In addition to honest presentation, an opt-out opportunity must exist. If you’re experiencing the immersive theater show Sleep No More and you decide suddenly that you need to get out, perhaps because the scene is too intense or for some other personal reason, you know how. You were told before entering that the people in black masks are there in case you need to be shown the way out. You know exactly how to escape the scene at any time — the opt-out system is made clear to the participants. This is ideal. Less ideal, but still acceptable in some situations, is a hidden opt-out. To go back to the example of the dark tunnel — there was a live person surveying the tunnels the entire time. If at any time a participant was taking an abnormally long time to get through, or called out for help, the attendant would check in either via audio or by opening a hatch and directly talking to the participant face-to-face. Often, the monitor even began by doing their check-in in character, thus seamlessly meeting the need of personal attention while maintaining the narrative of the experience. The attendant was a representative of the organization that ran the site, which worked perfectly well within the narrative world and helped protect the participant from feeling as if they had failed or broken the experience.
These are all some very heavy concepts to consider. Emotional stakes. Consent. Opt ins and outs. Why does any of this matter?
We’re operating under the assumption that we, as creators, don’t want to cause any physical or emotional damage to our audience. If you feel differently — well, perhaps you’ve already read too much and should just be on your way. Take, for example, the radio broadcasts of H.G. Wells’ War of The Worlds. In this case, the audience was not properly prepared for the experience, and damage was caused. In fact, in Quito, Ecuador, where the broadcast was deliberately formatted like a “news bulletin”, the lack of explanation and preparation led to riots and even loss of life. This is not the type of surprise we’re hoping to achieve as designers.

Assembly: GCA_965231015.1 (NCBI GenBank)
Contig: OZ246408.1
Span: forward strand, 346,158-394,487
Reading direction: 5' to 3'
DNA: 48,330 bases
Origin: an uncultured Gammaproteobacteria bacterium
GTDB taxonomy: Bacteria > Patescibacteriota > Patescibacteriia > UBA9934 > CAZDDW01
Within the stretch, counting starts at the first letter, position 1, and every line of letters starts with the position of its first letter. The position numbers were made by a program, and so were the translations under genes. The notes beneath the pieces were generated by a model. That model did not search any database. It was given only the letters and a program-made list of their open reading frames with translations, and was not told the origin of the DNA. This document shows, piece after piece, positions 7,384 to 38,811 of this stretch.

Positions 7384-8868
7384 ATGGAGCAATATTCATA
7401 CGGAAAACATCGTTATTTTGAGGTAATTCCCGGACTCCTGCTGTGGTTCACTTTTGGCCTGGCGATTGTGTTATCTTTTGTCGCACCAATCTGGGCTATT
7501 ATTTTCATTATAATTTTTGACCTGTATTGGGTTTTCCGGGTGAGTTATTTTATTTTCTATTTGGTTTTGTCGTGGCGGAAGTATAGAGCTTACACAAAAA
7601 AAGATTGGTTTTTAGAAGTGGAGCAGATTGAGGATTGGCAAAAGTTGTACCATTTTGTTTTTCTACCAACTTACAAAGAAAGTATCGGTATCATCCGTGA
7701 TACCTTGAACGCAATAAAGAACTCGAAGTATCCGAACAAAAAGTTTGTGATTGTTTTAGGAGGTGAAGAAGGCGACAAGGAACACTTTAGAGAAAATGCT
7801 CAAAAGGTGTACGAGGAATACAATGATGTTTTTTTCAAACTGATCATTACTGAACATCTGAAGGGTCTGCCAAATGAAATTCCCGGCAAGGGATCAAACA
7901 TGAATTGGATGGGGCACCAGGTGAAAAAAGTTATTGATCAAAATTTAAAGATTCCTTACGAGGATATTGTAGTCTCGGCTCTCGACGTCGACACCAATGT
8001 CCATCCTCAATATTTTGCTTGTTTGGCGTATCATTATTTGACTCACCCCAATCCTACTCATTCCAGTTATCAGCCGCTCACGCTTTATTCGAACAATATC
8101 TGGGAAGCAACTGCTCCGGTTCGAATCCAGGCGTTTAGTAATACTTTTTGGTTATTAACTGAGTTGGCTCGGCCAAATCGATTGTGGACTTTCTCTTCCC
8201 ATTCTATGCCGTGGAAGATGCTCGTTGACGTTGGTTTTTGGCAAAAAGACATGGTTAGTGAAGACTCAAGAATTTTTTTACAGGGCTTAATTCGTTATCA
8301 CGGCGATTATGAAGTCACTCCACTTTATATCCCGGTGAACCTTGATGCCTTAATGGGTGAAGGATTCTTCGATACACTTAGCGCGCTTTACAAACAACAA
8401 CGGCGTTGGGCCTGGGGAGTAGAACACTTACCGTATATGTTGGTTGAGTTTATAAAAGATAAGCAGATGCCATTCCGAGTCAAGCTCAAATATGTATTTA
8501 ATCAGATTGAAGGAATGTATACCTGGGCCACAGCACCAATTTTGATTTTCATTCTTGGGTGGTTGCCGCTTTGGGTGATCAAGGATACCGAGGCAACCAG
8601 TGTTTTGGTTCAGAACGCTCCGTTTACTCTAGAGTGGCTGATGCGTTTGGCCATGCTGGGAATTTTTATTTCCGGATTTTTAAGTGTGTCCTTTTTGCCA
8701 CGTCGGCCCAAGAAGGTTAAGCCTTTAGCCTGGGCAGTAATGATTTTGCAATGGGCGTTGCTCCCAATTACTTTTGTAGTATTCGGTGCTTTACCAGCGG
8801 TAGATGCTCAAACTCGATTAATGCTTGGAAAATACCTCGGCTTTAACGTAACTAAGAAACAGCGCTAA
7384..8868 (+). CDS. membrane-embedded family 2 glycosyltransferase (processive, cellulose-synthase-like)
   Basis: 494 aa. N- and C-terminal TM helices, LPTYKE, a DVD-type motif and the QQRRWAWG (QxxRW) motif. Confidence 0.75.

Basically, a prank is not strong design. Not to say that a prank cannot be sometimes funny or entertaining, they surely can be. But pranks often require a very intimate knowledge of and connection to the subject, and require a level of control that is difficult if not impossible to obtain as the audience widens beyond close connections. At worst, as in the case of the Quito broadcast, they can be dangerous to all involved. Uncontrollable danger is not at all strong design.
Given how much risk and work is involved working in immersive design, we might then be inclined to ask ourselves, “Why are we even bothering to do all this?”
The complexity and emotional depth that is possible through immersive experiences for both audiences and creators extends beyond what any other medium is capable of. These are the stakes we are gambling with, and although they pose risks they equally offer some great rewards. The number of stories we have of how someone has had a life changing experience are too many to retell. And although the majority of people may not have that level of intensity, nearly everyone is shifted into an altered state of play, regardless of any cultural, social, economic or personal factors. That non-ordinary state of play is simply infectious and often creates feedback loops for the performers and audience, ultimately leaving everyone in a seamless shared reality that often can be described as a flow state. That state of moment to moment experience is worth everything.
But unlike games of chance we are not passive recipients of luck’s fate, with immersive design we have the agency to leverage conscious and considered responsibility to mitigate and possibly even negate any potential risks, at the very least helping each other feel safe enough to be brave.
From our experience, we have found the rewards more than make up for the challenges inherent in such a high risk design medium . That is why we do what we do. This also why feel very strongly that designers in this space have a duty to consider the full breadth of effects that creations can have upon their audience; and as our Uncle Ben said, “With great power comes great responsibility.”